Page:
You might have heard the troublesome outlook for brick-and-mortar stores that they are doomed to fall with the rise of online shopping. This prediction is not unprecedented as e-commerce has grown in recent years.
Even with the recent Nike ad of Colin Kaepernick advocating to step out of one’s comfort zone, people have ironically not stepped outside the comfort of their homes as Nike’s main surge in profits was from online stores. It seems today that, more than ever, brick and mortar stores are beginning to crumble like they were predicted to at the start of the new decade. However, recent news may look to reverse this progress
In September 18 of this year, Bloomberg released an article detailing Amazon’s plans for 3,000 cashier-less convenience stores. With an emphasis on convenience, shoppers only need their phone to begin shopping in one of these stores. Once they scan their phone, they can enter the store and grab whatever they want. Cameras and sensors record their purchases and instantly charge their account, thus eliminating lines, a major benefit of online shopping. They write that the first store cost “more than $1 million in hardware alone.” Amazon’s plan to open 3,000 cashier-less stores by 2021 seems to be a bit far fetched with such a staggering price tag. With Amazon’s new stores integrating the benefits of online shopping into physical shopping, we may see these stores taking a new turn on an old and new business model.
Physical stores have been around forever, but online stores have only a couple of decades under its belt. However, already in these decades, advantages and disadvantages emerge. Online shopping’s main benefits include missing checkout lines and avoiding much effort. For example, amazon requires little wait. The shopper only needs to click add to cart and checkout. The time it takes for shopping on amazon is near zilch, making it one of the greatest e-commerce giants.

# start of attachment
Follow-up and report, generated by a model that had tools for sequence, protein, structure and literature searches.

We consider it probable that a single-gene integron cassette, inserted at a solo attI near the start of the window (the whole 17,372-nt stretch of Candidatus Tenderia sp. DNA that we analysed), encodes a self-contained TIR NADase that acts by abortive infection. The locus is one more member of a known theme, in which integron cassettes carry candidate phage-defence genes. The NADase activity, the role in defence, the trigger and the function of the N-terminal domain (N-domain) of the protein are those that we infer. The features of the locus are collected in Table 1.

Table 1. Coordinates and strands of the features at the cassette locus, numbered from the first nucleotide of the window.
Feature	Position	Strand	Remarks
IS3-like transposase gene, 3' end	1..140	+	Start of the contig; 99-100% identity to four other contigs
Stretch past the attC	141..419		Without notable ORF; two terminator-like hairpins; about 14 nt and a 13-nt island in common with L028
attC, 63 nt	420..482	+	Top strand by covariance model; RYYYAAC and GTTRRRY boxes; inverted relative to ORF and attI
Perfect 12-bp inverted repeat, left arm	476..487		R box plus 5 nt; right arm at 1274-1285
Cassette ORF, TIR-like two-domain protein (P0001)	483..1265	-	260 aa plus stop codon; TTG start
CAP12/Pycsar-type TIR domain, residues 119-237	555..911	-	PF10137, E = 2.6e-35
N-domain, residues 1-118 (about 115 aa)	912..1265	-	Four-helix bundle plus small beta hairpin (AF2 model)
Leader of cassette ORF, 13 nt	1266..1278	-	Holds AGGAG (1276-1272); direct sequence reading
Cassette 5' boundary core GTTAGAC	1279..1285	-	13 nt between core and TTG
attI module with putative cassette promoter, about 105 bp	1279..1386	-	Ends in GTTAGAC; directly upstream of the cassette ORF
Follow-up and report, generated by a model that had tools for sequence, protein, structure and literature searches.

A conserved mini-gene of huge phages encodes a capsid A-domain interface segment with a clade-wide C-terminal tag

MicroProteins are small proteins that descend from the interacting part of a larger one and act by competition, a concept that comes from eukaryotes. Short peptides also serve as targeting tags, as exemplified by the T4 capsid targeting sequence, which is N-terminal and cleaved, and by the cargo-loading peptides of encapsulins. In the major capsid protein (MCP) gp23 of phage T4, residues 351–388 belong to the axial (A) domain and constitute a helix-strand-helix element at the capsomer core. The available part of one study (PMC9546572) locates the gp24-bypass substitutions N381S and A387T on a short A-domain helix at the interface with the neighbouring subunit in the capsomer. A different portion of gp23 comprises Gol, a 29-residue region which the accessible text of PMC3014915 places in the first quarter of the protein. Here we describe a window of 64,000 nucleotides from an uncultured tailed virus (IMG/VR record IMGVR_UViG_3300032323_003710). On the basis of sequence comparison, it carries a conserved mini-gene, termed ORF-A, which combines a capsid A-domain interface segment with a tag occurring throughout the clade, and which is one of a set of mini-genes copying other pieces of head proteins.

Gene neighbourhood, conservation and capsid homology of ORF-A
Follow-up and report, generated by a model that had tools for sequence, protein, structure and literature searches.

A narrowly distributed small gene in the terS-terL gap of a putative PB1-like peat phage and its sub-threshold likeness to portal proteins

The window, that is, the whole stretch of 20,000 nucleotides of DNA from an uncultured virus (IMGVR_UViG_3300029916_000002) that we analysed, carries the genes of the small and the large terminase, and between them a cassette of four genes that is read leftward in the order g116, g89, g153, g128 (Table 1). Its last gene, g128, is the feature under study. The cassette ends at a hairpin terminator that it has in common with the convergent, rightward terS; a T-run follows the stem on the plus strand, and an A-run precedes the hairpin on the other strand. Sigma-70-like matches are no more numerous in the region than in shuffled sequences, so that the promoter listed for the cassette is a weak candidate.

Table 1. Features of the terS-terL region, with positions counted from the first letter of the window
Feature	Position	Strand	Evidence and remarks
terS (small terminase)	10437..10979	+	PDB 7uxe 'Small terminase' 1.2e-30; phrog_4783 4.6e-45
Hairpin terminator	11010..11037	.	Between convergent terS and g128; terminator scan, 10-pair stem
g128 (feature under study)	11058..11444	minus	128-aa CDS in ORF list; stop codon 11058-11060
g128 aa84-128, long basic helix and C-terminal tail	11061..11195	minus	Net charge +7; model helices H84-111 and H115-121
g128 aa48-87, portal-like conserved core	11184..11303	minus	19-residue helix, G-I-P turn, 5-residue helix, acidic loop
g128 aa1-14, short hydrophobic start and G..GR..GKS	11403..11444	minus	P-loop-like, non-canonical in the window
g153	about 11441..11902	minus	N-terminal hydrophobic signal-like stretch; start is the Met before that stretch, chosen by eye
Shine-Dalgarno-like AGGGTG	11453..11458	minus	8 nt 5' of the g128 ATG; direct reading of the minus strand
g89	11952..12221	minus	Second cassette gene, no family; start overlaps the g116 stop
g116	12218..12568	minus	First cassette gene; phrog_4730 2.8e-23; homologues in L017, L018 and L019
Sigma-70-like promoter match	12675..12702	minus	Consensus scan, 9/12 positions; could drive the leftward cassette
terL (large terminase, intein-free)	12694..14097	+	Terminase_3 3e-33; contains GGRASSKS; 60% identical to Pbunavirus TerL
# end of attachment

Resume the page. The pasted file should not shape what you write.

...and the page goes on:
Furthermore, the effort required is similarly nonexistent. All one needs through online shopping is a computer and chair; they don’t need to move anywhere. Obviously, this raises issues on exercise and movement, but still, the convenience offered in online shopping is undeniable.
Then, there are also clear risks to online shopping. First, with our increasingly digitized society, the possibility for hackers to infiltrate these online shopping sites and harvest shoppers’ personal information is more realistic than ever. With the recent Facebook hack, online security rises on the list of pressing global concerns. On the other hand, with brick and mortar stores, cameras around the area can quickly pick up shoplifting, a power deterrent against crime.
Regardless, I find Amazon’s plan to be an interesting prospect. It merges their own successful e-commerce model with an empirically-proven traditional one. However, hacking these stores is still a possibility, and there isn’t much convenience in traveling to one of these stores as opposed to shopping online. On the other hand, it integrates a lot of benefits too, like no checkout lines and having a social hub for user connectivity. Thus, I am rather curious to see how the public will react and how the stocks concerning Amazon’s cashier-less stores will fluctuate.